Colorado Capitol Report

Colorado Chamber Government Affairs Council Hears from Senate Leadership on Family Leave, Data Privacy

Colorado Chamber Government Affairs Council Hears from Senate Leadership on Family Leave, Data Privacy

This week, the Colorado Chamber’s Government Affairs Council heard from chiefs of staff for Senate leadership about their priorities for the remainder of the legislative session.

A primary topic of discussion was a family and medical leave bill, which is expected to be filed in the coming weeks. James Lucero, chief of staff for the Senate Majority Office, and Tim Greisman, chief of staff for the Senate Minority Office, offered their perspectives on what the legislation might look like. Lucero said the Senate Majority Office is hoping for a collaborative solution that will bring together as many stakeholders as possible. The minority caucus isn’t enthusiastic about some of the options that have been discussed, but is reserving judgment until a bill is filed.

The speakers also addressed the issue of data privacy. While there haven’t been any bills filed yet, the Colorado Chamber has been engaging with member companies on the issue and presenting feedback to lawmakers interested in filing legislation. Greisman and Lucero said that while they aren’t aware of a comprehensive or omnibus package in the works right now, data privacy is a priority for members of both parties. The Colorado Chamber and business community will continue to monitor potential legislation on the issue.

The Government Affairs Council also voted on several bills this week:

House Bill 1142 – Oppose

HB 1142 creates a fee on certain commercial insurance premiums in order to fund a vague $4.5 million program within the Department of Public Safety to apply for federal hazard mitigation grants. There’s no cap on the fee, so as premiums rise, more money would be collected. Members of the Colorado Chamber believe that this should be a state priority and shouldn’t fall on the backs of business.

House Bill 1227 – Oppose

This bill mandates that one provider have exclusive access to every telecom network in order to put distracted driving software on phones in Colorado. Chamber members in the telecom industry have concerns about opening up their networks to third parties, among other problematic aspects of the legislation.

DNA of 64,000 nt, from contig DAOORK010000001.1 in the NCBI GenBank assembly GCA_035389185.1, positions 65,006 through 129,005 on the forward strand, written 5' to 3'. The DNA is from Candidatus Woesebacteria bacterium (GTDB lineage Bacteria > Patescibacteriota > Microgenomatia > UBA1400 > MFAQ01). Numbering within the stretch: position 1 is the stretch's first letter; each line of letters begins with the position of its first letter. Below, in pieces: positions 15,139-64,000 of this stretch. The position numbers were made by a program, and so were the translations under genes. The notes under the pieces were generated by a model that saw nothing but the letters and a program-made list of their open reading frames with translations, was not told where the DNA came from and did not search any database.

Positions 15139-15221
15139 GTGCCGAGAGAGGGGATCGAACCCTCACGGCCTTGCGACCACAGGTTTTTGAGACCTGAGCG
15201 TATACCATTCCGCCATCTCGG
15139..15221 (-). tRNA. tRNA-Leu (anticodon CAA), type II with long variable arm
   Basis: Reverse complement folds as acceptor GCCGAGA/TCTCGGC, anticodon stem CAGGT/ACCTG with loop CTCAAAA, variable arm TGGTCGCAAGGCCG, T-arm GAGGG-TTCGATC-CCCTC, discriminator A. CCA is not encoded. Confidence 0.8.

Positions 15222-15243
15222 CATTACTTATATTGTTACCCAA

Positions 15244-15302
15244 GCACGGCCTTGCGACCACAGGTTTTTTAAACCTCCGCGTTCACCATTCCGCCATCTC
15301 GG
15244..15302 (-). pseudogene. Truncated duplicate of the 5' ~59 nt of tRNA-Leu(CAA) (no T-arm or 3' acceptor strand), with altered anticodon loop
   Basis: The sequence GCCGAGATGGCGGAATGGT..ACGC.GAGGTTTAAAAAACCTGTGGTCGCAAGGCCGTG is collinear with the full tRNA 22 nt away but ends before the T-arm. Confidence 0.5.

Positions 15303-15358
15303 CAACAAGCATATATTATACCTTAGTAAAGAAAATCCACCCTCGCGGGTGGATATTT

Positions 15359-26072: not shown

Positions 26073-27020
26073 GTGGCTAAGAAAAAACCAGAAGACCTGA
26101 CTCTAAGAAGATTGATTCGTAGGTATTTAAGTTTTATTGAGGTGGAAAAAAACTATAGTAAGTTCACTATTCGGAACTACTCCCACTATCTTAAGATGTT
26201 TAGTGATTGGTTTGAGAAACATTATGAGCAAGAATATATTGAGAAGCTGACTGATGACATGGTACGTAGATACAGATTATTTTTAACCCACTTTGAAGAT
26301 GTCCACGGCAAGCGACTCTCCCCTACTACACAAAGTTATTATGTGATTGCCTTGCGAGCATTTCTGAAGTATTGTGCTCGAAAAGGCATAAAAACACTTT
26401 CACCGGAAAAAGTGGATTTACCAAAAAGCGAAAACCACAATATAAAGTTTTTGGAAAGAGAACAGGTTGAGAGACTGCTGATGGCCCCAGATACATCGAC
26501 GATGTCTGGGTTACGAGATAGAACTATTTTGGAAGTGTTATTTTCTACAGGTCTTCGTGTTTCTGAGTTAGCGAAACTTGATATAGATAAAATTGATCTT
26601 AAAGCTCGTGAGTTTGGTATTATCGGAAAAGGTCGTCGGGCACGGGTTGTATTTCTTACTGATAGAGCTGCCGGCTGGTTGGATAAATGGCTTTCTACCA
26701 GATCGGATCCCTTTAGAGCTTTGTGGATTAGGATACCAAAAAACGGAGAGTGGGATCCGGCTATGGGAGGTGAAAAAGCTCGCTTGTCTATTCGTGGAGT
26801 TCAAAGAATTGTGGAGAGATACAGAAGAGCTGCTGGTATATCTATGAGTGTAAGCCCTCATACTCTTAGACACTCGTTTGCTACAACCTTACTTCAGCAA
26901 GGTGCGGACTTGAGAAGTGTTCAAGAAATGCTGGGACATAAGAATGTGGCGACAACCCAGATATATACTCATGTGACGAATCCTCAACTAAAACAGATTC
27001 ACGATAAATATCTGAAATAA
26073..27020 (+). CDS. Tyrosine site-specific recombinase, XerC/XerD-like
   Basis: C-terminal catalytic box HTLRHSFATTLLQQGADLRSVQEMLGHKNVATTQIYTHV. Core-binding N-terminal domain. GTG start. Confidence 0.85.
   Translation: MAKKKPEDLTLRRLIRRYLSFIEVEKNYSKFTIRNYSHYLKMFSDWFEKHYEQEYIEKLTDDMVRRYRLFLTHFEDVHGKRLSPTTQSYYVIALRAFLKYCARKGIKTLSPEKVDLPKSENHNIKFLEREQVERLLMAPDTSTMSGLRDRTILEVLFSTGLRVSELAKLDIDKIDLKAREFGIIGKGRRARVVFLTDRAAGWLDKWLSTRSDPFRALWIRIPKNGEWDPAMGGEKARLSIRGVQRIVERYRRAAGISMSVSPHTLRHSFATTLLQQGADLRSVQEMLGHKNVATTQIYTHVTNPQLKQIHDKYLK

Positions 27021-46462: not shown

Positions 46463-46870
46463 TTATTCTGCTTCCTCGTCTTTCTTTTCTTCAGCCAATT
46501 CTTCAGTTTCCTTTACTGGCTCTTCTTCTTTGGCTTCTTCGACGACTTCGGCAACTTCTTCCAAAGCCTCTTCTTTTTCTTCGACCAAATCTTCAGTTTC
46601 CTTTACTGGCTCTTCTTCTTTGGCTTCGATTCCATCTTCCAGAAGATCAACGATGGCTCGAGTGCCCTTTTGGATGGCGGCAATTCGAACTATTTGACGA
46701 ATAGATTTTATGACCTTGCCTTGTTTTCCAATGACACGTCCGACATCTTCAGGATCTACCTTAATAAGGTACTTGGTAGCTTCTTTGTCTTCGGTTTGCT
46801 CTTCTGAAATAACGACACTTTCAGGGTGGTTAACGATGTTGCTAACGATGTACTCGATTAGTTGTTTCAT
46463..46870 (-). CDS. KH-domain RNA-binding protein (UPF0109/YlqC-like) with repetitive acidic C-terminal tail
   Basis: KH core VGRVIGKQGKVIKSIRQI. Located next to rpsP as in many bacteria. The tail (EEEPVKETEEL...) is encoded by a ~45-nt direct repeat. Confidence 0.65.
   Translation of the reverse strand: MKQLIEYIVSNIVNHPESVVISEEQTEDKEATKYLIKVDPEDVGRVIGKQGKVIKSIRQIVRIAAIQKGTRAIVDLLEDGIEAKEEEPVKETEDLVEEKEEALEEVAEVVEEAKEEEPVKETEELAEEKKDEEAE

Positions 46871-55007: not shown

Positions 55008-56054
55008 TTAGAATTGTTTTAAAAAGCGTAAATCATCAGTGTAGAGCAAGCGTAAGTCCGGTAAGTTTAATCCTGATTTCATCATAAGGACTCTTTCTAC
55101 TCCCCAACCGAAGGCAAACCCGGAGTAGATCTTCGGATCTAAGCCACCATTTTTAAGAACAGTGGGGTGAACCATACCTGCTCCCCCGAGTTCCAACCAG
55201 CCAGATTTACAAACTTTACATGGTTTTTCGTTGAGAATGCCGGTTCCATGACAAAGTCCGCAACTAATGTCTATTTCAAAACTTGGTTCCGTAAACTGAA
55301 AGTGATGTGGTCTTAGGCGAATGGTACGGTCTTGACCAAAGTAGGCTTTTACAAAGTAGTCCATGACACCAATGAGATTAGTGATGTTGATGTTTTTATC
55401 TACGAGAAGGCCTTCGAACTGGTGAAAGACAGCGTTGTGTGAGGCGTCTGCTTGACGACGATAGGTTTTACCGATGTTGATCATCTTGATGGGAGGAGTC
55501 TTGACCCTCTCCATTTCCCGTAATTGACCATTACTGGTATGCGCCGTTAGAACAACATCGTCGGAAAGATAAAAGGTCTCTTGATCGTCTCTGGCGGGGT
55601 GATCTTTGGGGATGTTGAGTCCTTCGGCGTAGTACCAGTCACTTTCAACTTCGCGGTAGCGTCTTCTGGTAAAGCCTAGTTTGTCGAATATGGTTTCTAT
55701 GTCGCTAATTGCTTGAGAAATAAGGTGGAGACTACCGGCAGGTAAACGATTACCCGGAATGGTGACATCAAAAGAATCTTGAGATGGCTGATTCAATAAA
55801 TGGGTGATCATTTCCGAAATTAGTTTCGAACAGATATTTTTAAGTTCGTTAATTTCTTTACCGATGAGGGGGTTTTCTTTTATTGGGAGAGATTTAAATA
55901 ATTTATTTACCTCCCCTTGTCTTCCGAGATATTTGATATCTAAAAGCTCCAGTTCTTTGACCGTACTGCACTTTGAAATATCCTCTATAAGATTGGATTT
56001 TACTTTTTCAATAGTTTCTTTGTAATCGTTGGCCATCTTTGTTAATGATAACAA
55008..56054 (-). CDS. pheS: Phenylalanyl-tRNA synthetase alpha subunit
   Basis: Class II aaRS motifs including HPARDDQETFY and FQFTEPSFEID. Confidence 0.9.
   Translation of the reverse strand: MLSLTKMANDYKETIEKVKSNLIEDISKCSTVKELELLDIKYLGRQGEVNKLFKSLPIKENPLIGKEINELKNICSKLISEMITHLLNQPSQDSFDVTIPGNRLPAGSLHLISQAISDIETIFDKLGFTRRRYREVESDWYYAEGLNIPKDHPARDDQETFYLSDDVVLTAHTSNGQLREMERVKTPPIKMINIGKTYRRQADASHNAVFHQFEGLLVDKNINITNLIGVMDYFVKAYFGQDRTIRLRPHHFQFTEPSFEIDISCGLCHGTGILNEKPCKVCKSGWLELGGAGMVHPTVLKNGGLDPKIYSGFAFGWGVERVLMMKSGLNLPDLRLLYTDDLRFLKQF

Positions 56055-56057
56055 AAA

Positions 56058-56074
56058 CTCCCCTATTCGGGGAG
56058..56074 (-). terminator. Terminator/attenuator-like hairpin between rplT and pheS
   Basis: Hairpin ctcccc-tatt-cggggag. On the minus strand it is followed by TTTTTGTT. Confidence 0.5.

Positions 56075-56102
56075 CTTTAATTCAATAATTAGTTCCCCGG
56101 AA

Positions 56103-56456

House Bill 1195 – Oppose

Referred to as the “Consumer Digital Repair Bill Of Rights,” HB 1195 would require manufacturers of certain electronic devices, like cell phones and tablets, to provide their parts, software and other tools to independent repair providers and allow them to provide maintenance and repair services on their products.

Health Care Council Examines Impact of Public Option Proposal

On Thursday, the Colorado Chamber’s Health Care Policy Council hosted Chris Brown and Rick Rush from the REMI Partnership for an in-depth discussion of a public option proposal in Colorado.

Brown and Rush posed key questions about a report that was released in November 2019 outlining the blueprint for a potential public option plan by the Colorado Division of Insurance (DOI) and Department of Health Care Policy & Financing.

The proposal would initially impact individual health insurance plans with the goal of expanding to employer sponsored plans in the future. Among other things, the proposal would mandate that health insurance companies offer a public option for individual plans and would allow the state to set the rates that hospitals or providers are allowed to charge for their services under the plan. The Colorado Chamber has expressed concerns over how such a proposal would impact business. A bill is expected to be filed in the legislature in the coming weeks.

When considering a massive program like a public option, it’s important to think about how it will impact all aspects of the health care system in all of its complexity. The presentation from REMI Partnership looked at the proposal from multiple perspectives – including insured individuals, uninsured individuals, employers, hospitals, and insurance carriers.